Imbalanced Classification for Business Analytics

Imbalanced Classification for Business Analytics

Talayeh Razzaghi (University of Central Florida, USA), Andrea Otero (University of Central Florida, USA) and Petros Xanthopoulos (University of Central Florida, USA)
DOI: 10.4018/978-1-5225-1759-7.ch028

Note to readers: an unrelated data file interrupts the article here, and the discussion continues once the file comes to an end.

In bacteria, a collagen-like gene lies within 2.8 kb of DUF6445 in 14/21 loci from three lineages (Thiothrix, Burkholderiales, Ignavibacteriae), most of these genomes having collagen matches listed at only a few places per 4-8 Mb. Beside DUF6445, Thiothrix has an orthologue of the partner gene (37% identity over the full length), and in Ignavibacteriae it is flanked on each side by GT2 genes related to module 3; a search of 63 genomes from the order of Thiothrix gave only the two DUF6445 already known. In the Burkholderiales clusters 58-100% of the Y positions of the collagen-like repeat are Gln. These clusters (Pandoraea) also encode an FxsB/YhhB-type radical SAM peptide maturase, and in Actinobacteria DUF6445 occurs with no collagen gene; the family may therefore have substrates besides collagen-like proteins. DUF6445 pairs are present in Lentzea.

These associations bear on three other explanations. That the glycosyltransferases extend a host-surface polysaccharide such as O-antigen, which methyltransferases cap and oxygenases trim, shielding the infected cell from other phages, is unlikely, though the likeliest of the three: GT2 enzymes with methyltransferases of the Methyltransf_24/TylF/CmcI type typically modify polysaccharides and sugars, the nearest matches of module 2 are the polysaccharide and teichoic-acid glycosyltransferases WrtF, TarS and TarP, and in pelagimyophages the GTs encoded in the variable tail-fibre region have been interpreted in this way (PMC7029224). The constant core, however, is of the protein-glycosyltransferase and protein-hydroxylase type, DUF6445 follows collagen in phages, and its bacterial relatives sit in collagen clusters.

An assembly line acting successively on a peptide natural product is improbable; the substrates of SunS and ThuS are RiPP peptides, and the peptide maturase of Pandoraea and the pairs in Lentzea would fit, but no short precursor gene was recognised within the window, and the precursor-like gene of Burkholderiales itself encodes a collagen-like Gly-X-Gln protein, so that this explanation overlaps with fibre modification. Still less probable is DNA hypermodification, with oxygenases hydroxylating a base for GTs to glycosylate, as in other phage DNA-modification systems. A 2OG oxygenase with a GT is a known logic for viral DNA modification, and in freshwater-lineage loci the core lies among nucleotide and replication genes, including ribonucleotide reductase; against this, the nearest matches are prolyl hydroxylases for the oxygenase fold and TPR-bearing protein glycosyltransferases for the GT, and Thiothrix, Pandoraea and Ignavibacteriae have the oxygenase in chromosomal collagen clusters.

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Advances in science and technology accelerate the accessibility of raw data and create new opportunities for knowledge discovery. Imbalanced problems can be found in a wide variety of applications, including security surveillance (Wu, Wu, Jiao, Wang, & Chang, 2003), medical diagnosis (Mena & JESUS, 2009; You, Zhao, Li, & Hu, 2011), bioinformatics (Al-Shahib, Breitling, & Gilbert, 2005), geomatics (Kubat, Holte, & Matwin, 1998), telecommunications (Tang, Krasser, Judge, & Zhang, 2006), risk management (Ezawa, Singh, & Norton, 1996), manufacturing (Adam et al., 2011), quality estimation (Lee, Song, Song, & Yoon, 2005), and power management (Hu, Zhu, & Ren, 2008). Imbalanced classification has been studied in a number of studies (N. V. Chawla, 2010; Guo, Yin, Dong, Yang, & Zhou, 2008; He & Garcia, 2009; Su, Mao, Zeng, Li, & Wang, 2009; Sun et al., 2009). Previous works on the classification of imbalanced data (N. V. Chawla, 2010; Kubat et al., 1998; Ngai, Hu, Wong, Chen, & Sun, 2011; Su et al., 2009; Sun et al., 2009) address that many standard classification algorithms achieve poor performance. Therefore, despite the existing amounts of literature there is room for improvement and future contribution.

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